It was Max Lerner, the political columnist who looked like Albert Einstein and caroused in Hollywood like Hugh Hefner, who once wrote an article calling Elizabeth Taylor a legend and Marilyn Monroe a myth. That legend thing Taylor projects — the ability, still, to command attention even though she’s now a lacquered, hypochondriacal 63-year-old grandma corseted into the kind of sequined shmattes Fran Drescher’s on-screen mother might covet — is evidently the reason there’s room on the shelf for Liz. C. David Heymann’s biography arrives hard on the heels of Donald Spoto’s analysis-prone Taylor study, A Passion for Life; and the question you’re probably asking is, Do I really need one more accounting of the star’s illnesses, addictions, lovers, and husbands, not to mention problems with excessive body hair? The answer is, you need Heymann’s bio (billed in the subtitle as ”intimate,” which explains the stuff about the body hair), if only to understand what Hollywood stardom used to be, what it is now, and how journalism like Heymann’s reflects everything that has coarsened, in celebrity and in journalism, in our time.
The author’s talent is to get other people to gossip while he maintains a neutral, professional face. And it is indeed a talent, tirelessly pursuing people who have known the subject, or who knew someone who knew the subject, in the hope of getting some of them to supply something thrilling. ”Perhaps because she was small in stature,” says Miguel Ferreras, a fashion designer who created a maternity wardrobe for Taylor when she was pregnant with daughter Liza, ”Liz gave the impression of spilling over: she had gargantuan breasts, a mammoth ass, and lumpy, shapeless legs.”
”I had heard Elizabeth’s father was homosexual,” says Ashton Greathouse, identified as ”a pal” of Montgomery Clift’s, ”which may explain her attraction to and interest in gay men — Monty, Rock Hudson, James Dean, and others. Her father’s sexual bent may also shed light on her overriding concern for the present-day AIDS movement, her great desire to raise funds for the cause and help those afflicted with the disease.”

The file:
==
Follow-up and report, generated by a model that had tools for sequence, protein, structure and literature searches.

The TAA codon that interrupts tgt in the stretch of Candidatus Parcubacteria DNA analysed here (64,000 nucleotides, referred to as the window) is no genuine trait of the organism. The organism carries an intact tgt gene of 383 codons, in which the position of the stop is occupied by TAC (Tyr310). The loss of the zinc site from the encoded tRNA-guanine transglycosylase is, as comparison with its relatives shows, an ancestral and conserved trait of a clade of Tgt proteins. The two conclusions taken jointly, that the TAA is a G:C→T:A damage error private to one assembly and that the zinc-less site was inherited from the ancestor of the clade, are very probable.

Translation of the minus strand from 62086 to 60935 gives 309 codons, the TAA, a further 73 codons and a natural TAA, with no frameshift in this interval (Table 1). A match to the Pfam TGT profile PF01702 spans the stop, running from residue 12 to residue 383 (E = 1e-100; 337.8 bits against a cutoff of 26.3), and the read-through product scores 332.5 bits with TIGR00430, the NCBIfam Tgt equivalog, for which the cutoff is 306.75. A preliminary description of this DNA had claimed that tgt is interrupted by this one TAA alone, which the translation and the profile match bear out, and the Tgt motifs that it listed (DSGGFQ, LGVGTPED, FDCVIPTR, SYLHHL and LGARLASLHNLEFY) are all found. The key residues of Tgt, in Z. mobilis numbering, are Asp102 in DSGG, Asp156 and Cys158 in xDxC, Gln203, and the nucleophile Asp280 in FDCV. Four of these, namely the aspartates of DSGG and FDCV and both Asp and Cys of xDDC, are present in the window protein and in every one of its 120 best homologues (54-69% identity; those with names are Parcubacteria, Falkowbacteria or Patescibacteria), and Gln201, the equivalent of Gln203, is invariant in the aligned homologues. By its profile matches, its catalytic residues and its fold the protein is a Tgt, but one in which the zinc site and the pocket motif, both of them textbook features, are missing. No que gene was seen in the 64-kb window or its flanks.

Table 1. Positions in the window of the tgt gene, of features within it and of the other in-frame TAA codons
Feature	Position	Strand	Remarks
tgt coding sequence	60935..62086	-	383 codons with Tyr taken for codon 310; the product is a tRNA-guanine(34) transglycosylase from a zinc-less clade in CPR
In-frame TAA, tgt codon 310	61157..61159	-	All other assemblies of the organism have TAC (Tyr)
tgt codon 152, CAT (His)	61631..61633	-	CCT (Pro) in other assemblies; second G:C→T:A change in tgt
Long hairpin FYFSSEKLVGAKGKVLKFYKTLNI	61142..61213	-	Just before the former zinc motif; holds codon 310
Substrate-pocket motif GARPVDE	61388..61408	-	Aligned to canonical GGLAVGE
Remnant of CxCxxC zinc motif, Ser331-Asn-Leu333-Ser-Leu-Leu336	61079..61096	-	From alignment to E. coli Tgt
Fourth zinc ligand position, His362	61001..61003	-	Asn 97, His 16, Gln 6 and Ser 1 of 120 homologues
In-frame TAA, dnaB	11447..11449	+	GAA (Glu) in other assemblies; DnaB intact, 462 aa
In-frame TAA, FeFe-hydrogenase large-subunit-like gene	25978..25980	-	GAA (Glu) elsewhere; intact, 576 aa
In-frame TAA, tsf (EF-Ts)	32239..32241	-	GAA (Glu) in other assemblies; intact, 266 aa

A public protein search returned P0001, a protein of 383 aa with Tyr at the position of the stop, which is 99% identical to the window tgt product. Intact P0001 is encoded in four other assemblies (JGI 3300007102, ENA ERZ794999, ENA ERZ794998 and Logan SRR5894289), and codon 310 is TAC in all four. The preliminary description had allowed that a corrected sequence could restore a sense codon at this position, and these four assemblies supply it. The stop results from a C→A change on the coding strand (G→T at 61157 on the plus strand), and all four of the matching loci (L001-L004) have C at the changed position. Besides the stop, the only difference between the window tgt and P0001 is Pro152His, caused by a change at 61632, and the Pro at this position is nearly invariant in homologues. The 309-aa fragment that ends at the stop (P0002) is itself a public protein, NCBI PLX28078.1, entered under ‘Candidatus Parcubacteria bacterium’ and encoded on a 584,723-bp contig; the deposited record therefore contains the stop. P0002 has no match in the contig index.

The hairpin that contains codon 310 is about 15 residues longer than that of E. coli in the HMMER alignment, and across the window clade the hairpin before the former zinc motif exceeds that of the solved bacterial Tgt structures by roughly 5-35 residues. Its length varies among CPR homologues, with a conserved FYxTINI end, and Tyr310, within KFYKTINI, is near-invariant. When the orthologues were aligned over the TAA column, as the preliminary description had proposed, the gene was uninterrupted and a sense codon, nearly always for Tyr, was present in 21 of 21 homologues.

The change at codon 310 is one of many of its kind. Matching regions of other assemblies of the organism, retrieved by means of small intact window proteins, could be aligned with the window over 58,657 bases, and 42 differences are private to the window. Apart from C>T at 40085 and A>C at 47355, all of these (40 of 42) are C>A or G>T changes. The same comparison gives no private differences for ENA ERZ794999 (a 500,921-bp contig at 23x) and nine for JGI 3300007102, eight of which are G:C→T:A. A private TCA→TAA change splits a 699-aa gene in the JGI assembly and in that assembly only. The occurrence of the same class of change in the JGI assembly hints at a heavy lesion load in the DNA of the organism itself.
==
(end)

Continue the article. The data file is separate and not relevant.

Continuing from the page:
Did Heymann say these things? Oh, no, he’s just dutifully reporting what others have told him. Do Ferreras and Greathouse have any axes to grind? Oh, well, that’s not Heymann’s concern. (The author also reports allegations that first husband Nicky Hilton beat her, and that third husband Mike Todd once knocked Taylor unconscious — among other claims she’s threatening to answer with a lawsuit.)
It is arguably instructive to learn that, while studio flacks claimed Taylor was hospitalized with food poisoning in 1962 (at the height of her affair with Richard Burton while she was married to Eddie Fisher), she was, according to Heymann’s account, having her stomach pumped following a suicide attempt. Flacks are paid to lie in the service of image, and in more innocent times, when movie studios really owned and shaped their actors, those lies were more easily digested by a much less skeptical public. Elizabeth Taylor was created in an era when glamorous excess really meant something, and she has lived her histrionic, tempestuous, overindulged, extraordinary life accordingly. She enthralls us because, beneath the garish purple eye shadow and the giant jewelry, we can see a remnant of the old Hollywood fantasy that, thanks to dispassionately nosy books like Liz, has been shot to hell. Today, any one-trick, three-movie-deal, twentysomething actor can throw together a million bucks and a dirty addiction to something or other. Are we any better off, or even wiser about the true toll stardom exacts, for knowing the sordid details? Liz demonstrates that we are not, and that all the dished dirt in the world does not describe a life. C-